Recently we got a call from a company that wanted prices on translating its website into several languages. Apparently one language service provider they spoke with told them that they would have to copy and paste the web contents into Word documents to have it translated. And, presumably, they would then have to copy and paste the results back into the website, somehow getting all of the HTML and other code in the right place. The potential client quickly eliminated that company from their list of potential translation partners, and rightly so. This is no way to localize a website.
Nevertheless, we have come across a fair number of potential translation buyers who believe that this is the only way to do translation. They’ll send us Word documents and just ask for a quote. Some of them aren’t sure why they need to send us anything: Can’t we see it all on the website and translate from that?
Similarly, customers will cut and paste the content from a professionally designed document and send that for translation with the intention of cutting and pasting the translated content back into the layout.
So what’s the problem? Answer: There are lots of problems.
1. Wasted Time
All the time taken cutting and pasting into Word is time that could have been spent on something else and is most likely wasted time. A good language partner has the technology to work directly with many kinds of web and design files so that there is no need for cutting and pasting at all.
Then there is the time spent cutting and pasting the translated text back into the original form. This usually takes more time than extracting the text because all kinds of adjustments will have to be made. HTML tags will have to be put back in the right place (assuming the person assigned to this can even tell where they should go.) Adjustments may have to be made to accommodate text expansion. Font sizes may need to be changed for some languages.
In the end, you will probably also have to go back to the language service provider for a final review by a native speaker. In fact, all in all, you face a significant risk of wasting even more time going back and forth with your language partner about the various issues that will inevitably arise if you cut and paste. A good language partner is used to dealing with all these issues and can take care of most of them before you even see the final product.
Even if the text needs to be extracted, language technology can provide better ways to do it and to put it back again. At the very least, you should consult with your language partner about the best way to handle files before you start cutting and pasting.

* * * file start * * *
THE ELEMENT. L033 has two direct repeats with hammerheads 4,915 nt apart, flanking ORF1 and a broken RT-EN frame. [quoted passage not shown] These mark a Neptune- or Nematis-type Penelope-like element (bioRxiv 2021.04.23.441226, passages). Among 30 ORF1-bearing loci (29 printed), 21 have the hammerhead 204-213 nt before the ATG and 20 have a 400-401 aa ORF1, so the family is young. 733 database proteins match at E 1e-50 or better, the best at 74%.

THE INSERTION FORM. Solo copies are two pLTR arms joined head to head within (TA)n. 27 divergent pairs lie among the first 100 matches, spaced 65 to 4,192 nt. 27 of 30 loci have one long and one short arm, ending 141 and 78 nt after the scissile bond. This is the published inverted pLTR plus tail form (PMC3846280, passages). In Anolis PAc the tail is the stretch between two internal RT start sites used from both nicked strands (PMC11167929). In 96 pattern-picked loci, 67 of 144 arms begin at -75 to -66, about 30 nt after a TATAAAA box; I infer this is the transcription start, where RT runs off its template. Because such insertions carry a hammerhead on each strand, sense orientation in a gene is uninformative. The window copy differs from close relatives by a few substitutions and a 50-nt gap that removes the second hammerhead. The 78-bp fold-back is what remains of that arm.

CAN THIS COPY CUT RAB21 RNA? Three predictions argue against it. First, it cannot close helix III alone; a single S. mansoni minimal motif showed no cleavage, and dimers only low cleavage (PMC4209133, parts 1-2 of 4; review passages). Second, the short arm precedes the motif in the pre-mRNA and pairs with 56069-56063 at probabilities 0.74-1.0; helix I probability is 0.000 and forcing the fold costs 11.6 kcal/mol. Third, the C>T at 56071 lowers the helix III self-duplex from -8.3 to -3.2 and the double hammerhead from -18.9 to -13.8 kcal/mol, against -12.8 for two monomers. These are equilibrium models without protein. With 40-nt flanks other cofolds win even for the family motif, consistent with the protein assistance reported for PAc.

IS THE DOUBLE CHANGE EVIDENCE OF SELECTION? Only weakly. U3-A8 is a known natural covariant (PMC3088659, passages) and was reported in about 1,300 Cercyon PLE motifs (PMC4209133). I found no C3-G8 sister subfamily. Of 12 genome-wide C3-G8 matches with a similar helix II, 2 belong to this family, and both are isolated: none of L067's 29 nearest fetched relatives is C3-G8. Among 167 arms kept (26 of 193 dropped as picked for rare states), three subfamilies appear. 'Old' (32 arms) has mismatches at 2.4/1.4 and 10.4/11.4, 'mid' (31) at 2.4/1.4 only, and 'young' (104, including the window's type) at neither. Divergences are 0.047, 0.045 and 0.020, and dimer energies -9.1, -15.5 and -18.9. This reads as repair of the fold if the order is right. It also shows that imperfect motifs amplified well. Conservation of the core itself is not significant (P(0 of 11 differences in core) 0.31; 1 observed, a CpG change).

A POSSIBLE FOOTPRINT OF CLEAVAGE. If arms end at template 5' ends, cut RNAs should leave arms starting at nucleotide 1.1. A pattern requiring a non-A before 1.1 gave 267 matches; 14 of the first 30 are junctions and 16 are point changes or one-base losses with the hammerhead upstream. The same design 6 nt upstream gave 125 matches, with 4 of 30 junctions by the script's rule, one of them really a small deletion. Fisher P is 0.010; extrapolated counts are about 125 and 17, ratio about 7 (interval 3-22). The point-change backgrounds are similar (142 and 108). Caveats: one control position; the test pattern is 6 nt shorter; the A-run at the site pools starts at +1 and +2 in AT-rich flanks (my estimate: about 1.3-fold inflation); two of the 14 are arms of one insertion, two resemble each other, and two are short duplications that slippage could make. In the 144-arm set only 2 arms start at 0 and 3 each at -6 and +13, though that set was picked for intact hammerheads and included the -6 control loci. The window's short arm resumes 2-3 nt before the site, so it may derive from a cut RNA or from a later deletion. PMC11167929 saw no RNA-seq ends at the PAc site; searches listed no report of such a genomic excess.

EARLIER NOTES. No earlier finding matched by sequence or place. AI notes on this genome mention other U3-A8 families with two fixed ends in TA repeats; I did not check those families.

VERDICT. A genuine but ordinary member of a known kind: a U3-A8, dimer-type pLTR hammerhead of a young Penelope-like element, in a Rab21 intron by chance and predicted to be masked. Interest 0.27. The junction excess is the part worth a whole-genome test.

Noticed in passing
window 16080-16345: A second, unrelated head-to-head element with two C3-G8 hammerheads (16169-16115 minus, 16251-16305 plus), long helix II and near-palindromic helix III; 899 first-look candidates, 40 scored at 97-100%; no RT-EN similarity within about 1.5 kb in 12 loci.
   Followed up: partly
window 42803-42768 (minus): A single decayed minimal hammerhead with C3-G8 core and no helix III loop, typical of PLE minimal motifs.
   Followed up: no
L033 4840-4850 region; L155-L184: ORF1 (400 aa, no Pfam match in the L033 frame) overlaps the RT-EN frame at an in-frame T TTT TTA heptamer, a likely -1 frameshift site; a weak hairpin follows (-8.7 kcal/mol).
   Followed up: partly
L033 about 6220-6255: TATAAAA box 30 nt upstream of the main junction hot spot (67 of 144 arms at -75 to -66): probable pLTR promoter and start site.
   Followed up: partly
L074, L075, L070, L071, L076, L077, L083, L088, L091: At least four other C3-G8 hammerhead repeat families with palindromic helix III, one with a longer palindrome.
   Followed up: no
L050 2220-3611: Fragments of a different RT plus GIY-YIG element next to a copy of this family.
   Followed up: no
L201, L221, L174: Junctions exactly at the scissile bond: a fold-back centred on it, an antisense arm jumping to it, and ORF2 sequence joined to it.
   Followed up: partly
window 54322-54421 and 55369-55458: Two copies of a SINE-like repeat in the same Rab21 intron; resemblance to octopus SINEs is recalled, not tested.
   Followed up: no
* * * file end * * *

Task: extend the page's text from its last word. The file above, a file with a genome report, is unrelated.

2. Wasted Money
Some clients clearly think they can save money by taking the cutting and pasting approach, but any apparent savings can be largely illusory.
Even if the client uses existing employees to do all the work, there is at least an opportunity cost. These employees presumably have other jobs they could be doing instead. And if they are not used to doing this type of work, it will probably take them more time than necessary. In fact, using employees generally means that the job will take a good deal longer than the client initially expected.
In any case, when it comes to things like websites, software, and professionally designed documents, it is often not employees that will do the work of inserting the translation back into the original format. Instead, the client will send the translation back to a web or design professional who will charge for their own time. Sometimes these professionals will want to do this work themselves because it means more fees for them. However, foreign-language localization is specialized work—the more exotic the language, the more specialized the work. You might as well pay a language partner who specializes in this kind of work, rather than paying others who may not have the necessary skills.
3. Misses and Mistakes
Finally, the chances of missing important content when cutting and pasting material are significant. This is particularly true for websites and other applications where important content is not apparent on the screen. Metadata, such as the website’s title, keywords, and page descriptions, can be missed. Content in html tags, like title and alt text attributes, as well as error messages that only appear when a user performs a certain action, may be left out. And did you know that page URLs should usually also be translated?
No more cutting and pasting. Choose a language partner who can help you take advantage of modern translation technology to deliver quality work in the most efficient and cost-effective manner.